Moving with a pet is a big job. You can make the transition easier by planning ahead and making accommodations for your animals every step of the way. Try this checklist to keep you on task as you get ready to move.
Roughly six weeks before your move, you should begin thinking about the legal and practical requirements for your pet in your new location. If you’re just moving across town, some of these steps won’t apply to you. The farther you’re going, the more planning you’ll need to do.
Have new ID tags made for your pet as soon as you know your new address, so your pet can easily make their way home if they get lost. If your pet is microchipped, you should make sure you know how to update this information so you can promptly change your address when you relocate.
Check the licensing and registration requirements for your new home. This is especially important if you’re moving to a different city or state. It can take time to apply for a pet license or register the animal in a new town, so it’s good to gather the paperwork early.
If you’re traveling a long distance, make comfortable arrangements for your pet. This may include finding pet-friendly hotels if you’re staying overnight on a cross-country drive or making the appropriate plans for air travel with a pet. If you won’t be able to move into your new home right away, you might need to consider keeping your pet in a kennel for a few days. Start researching your options early so you can find the best place.
Schedule one last appointment with your local vet to help prepare your pet for the move. During this visit, you can:
Your vet can also provide personalized advice on how to make your pet comfortable throughout the moving process. All animals are different, and your veterinarian is the best resource for finding a good way to care for your pet throughout this busy and complicated time.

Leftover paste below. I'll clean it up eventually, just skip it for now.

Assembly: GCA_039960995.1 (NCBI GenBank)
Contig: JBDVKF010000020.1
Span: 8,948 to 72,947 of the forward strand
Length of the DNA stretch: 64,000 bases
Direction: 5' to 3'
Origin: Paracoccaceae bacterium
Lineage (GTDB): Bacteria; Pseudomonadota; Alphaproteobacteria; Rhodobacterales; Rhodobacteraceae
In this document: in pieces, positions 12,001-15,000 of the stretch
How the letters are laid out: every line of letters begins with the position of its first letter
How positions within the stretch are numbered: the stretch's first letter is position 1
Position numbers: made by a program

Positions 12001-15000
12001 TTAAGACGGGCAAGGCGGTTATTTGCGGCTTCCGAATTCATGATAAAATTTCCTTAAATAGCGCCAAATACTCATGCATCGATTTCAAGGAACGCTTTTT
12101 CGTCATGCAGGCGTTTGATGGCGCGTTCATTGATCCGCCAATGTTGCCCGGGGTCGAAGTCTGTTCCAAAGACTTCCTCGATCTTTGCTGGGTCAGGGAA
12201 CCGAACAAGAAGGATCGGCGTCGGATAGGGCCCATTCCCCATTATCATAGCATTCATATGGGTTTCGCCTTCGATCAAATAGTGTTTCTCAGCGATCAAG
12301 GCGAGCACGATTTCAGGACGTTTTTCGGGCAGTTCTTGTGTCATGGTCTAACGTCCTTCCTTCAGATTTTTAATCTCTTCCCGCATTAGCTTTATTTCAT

As you get closer to the move, you’ll probably begin doing things that alert your pet to pending change. It’s important to keep your pets in mind during this period so you can react appropriately to the way they’re feeling.
Keep your daily routines as consistent as possible so your pet doesn’t become alarmed. Don’t move the litterbox or food bowls ahead of time, as this will cause anxiety that may result in behavior like urinating around the house or scratching and gnawing on furniture. Continue feeding, walking, and playing with your pet as usual, even if your own schedule has changed and you’re no longer heading to work in the morning or engaging in other routine activities.
Assemble a travel bag for your pet ahead of time so you have plenty of opportunities to purchase anything that you might need. This bag should contain:
You will want to pack items your pet uses every day last, but you might include a checklist in your pet’s bag so you don’t forget anything.
With your big move looming before you, it’s certain that your pet will know something is about to happen. Take these final steps as you get ready for moving day.
Put together the final items that you’ll need to take for your pet and store these in an easily reachable space. If you have a lot of travel ahead of you, your pet may need a special duffel bag in the car for all of your stops along the route. If you’re just moving across town, you can easily pack this last and unpack it first. This should include:
You should avoid feeding your pet for the last four or five hours before major plane or car travel, as they may get motion sickness. Consider your departure time and adjust your pet’s mealtimes accordingly.
Keep your pet safely confined from the chaos as you’re handling the final preparations for the move. Keep in mind that your animal may feel especially nervous and make an attempt to bolt out the door if they have access.
On moving day, it’s important to include a few essential to-dos for your pet in the day’s activities.
Keep your pet in a closed room or pet carrier as boxes and furniture are being removed from the home. This will keep your pet from getting underfoot or escaping.
Hydration is essential. Make sure your pet has access to plenty of water. You can include anti-anxiety drops in the water if needed to help your pet stay calm on this stressful day.
Set up your pet’s belongings in your new home as soon as possible. Place their food and water dishes in a familiar space (for example, if they were in the kitchen on linoleum before, keep them in the kitchen on the linoleum floor now). Give your pet a quiet corner with their bed where they can retreat, and make comfort items like a favorite toy or blanket readily accessible.
A lot of work goes into moving, but you don’t have to do it alone. Contact our team at High Level Movers for assistance with all your moving needs, from packing to garbage removal to moving your belongings. We can help every step of the way.
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